Label these video games violent Concern over too-graphic graphics prompts Sega to launch rating system

May 25, 1993|By Bloomberg Business News

REDWOOD CITY, Calif. -- An inner-city gang, rampaging through the streets, comes upon some unsuspecting bystanders and proceeds to crush some heads.

The scene isn't from urban America. It's from "Streets of Rage," a video game made by Sega of America, the Japanese company's U.S. unit.

Amid concern about this type of video-game violence, Sega said yesterday it would initiate a rating system for its video games similar to the one used by Hollywood.

"We are particularly concerned that parents buy games appropriate for their children's age," said Tom Kalinske, Sega of America's chief executive.

Sega, which has allowed far more graphic violence in its games than has rival Nintendo of America, said it was trying to help consumers make informed decisions.

Video game boxes from Sega will now carry a label to warn parents of its contents: "GA" for general audiences, "MA-13" for mature audiences (parental guidance suggested) and "MA-17" for adults. More than one-third of Sega's video game buyers are over 18.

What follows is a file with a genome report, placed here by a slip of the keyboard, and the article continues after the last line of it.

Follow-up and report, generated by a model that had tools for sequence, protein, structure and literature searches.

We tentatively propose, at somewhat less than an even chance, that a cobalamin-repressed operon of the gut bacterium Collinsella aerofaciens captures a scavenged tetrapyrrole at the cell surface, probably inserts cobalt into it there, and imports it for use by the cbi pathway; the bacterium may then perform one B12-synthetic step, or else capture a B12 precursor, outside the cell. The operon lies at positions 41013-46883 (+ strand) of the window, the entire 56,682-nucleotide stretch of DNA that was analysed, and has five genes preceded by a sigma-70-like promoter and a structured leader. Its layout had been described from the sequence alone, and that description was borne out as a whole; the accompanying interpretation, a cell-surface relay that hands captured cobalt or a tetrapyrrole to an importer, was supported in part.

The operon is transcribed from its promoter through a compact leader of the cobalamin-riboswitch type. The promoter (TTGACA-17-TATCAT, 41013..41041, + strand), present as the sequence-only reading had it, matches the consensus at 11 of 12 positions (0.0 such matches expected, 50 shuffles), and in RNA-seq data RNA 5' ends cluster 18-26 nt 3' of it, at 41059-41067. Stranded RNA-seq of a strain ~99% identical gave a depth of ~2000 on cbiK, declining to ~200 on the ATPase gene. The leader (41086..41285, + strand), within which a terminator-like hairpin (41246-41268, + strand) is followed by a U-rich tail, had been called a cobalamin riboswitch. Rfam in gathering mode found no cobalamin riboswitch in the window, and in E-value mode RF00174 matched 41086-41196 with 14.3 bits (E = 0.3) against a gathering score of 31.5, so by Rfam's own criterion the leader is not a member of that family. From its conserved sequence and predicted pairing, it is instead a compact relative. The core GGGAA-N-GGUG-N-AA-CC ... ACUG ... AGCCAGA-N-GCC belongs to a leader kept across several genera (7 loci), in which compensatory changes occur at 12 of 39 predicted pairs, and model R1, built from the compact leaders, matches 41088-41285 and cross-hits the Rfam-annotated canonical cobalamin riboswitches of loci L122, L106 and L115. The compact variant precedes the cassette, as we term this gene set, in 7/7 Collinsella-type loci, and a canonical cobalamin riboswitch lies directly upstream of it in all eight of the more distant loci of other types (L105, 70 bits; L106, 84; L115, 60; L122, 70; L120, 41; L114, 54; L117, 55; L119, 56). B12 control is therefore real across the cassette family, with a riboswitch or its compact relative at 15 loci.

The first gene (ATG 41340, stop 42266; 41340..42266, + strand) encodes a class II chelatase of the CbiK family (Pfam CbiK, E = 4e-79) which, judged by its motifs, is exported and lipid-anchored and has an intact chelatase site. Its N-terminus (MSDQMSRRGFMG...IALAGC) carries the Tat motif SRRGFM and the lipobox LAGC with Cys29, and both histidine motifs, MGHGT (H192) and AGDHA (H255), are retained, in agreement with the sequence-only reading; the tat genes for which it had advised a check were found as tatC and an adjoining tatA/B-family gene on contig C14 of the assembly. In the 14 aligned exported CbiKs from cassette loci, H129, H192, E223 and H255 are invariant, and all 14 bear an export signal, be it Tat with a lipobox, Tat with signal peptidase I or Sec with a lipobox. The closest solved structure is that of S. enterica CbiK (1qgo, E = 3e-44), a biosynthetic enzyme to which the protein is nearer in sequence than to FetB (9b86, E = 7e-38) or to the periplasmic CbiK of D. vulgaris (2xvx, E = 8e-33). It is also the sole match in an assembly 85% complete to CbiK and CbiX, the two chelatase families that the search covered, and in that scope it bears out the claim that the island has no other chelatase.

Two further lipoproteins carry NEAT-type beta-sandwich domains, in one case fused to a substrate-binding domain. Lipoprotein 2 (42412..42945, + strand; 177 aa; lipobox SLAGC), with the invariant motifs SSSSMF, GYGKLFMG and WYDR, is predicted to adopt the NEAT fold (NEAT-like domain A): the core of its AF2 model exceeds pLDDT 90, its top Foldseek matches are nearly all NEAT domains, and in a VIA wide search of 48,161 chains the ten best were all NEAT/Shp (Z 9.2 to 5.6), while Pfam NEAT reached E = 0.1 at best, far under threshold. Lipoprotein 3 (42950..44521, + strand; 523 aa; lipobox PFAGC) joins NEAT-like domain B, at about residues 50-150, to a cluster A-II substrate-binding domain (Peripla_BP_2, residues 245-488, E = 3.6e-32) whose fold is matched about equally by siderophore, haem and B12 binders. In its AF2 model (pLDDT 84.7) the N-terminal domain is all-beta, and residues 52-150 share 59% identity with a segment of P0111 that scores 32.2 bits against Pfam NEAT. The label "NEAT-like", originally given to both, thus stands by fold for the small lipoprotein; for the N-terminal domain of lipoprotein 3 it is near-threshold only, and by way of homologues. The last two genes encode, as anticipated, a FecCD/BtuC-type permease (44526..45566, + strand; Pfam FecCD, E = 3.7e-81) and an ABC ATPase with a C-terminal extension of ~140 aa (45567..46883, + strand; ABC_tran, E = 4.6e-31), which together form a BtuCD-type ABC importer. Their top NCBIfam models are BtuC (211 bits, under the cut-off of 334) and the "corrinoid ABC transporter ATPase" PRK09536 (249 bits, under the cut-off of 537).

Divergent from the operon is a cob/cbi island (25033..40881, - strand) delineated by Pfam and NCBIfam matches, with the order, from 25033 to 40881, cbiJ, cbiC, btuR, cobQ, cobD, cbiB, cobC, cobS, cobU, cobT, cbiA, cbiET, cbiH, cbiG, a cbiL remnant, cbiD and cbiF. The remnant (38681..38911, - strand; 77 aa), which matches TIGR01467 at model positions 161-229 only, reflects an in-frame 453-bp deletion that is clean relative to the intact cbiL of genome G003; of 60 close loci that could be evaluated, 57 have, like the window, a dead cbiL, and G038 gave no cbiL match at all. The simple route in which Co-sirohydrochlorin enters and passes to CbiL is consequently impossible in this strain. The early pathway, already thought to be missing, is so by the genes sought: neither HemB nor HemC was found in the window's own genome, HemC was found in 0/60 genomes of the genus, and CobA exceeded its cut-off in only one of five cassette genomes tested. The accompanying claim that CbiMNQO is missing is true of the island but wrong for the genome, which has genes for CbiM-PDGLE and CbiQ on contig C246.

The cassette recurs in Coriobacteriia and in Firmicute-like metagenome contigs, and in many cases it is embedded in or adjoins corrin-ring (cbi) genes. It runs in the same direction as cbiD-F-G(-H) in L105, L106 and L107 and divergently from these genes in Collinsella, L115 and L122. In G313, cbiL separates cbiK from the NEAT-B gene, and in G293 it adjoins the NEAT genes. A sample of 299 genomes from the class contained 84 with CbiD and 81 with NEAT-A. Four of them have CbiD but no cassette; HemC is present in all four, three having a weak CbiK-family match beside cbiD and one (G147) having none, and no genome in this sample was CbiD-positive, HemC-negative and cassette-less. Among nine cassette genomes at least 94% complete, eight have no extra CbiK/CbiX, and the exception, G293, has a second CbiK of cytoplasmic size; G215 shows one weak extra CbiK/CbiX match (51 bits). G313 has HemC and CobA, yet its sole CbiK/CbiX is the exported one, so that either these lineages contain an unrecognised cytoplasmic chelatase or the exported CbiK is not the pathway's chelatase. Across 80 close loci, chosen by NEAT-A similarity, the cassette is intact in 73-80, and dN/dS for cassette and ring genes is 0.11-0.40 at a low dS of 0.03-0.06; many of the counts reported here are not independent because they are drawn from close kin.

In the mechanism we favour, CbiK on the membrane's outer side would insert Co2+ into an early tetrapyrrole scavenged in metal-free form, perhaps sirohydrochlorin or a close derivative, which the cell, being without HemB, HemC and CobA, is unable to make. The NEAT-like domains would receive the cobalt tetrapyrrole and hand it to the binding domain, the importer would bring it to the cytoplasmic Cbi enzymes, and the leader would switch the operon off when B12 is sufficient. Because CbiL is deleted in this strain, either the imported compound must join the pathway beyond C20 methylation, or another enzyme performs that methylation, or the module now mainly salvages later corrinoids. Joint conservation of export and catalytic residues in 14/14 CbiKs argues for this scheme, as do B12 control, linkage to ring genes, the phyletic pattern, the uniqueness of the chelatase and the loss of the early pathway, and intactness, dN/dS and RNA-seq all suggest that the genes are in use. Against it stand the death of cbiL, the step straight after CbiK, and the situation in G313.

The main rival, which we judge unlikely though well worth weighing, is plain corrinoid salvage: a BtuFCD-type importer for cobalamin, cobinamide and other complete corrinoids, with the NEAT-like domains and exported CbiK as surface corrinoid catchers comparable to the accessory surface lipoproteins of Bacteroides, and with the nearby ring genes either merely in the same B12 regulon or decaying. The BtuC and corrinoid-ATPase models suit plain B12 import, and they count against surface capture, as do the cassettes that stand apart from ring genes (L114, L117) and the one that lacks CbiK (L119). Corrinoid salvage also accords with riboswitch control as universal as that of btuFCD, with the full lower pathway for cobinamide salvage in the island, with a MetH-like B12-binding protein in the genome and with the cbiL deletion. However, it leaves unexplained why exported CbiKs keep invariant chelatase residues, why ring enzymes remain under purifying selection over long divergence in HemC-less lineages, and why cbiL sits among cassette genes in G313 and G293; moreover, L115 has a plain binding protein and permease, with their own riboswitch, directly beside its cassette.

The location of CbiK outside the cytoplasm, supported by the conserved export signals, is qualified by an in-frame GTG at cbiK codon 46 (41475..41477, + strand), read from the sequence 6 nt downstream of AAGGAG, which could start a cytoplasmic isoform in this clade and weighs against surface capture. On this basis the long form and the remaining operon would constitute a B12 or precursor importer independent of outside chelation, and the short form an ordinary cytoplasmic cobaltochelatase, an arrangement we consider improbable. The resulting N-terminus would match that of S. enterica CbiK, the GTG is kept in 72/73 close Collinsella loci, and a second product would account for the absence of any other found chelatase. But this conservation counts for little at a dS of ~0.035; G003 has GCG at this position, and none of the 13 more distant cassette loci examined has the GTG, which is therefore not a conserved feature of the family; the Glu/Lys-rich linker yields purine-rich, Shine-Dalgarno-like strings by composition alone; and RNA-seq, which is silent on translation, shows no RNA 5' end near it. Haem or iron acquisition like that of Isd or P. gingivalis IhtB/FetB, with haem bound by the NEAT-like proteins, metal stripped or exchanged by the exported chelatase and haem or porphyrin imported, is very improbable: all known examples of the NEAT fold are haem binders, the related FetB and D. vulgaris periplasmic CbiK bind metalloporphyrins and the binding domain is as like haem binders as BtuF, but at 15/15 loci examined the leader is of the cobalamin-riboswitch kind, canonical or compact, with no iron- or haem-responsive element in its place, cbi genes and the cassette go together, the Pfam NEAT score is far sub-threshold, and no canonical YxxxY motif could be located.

Consumer groups said they were pleased by Sega's move.

"Our members have been expressing a great deal of concern over the violence in video games," said Terry Rakolta, head of Americans for Responsible Television.

For now, only games manufactured by Sega will have labels, but the system will eventually be extended to other makers of games for Sega's Genesis system, the company said.

Bernie Cherry, assistant manager at the Babbage's store at the Marley Station mall in Glen Burnie, said the move toward ratings might have been prompted by the expected release in September of a Sega-compatible game called "Mortal Combat."

According to Mr. Cherry, "Mortal Combat" will include certain "fatality moves" that involve graphic violence. "They rip people's heads off and hearts out," he said.

Still, Mr. Cherry said, video game violence isn't a big issue among his customers.

"Mostly adults talk about it," he said.

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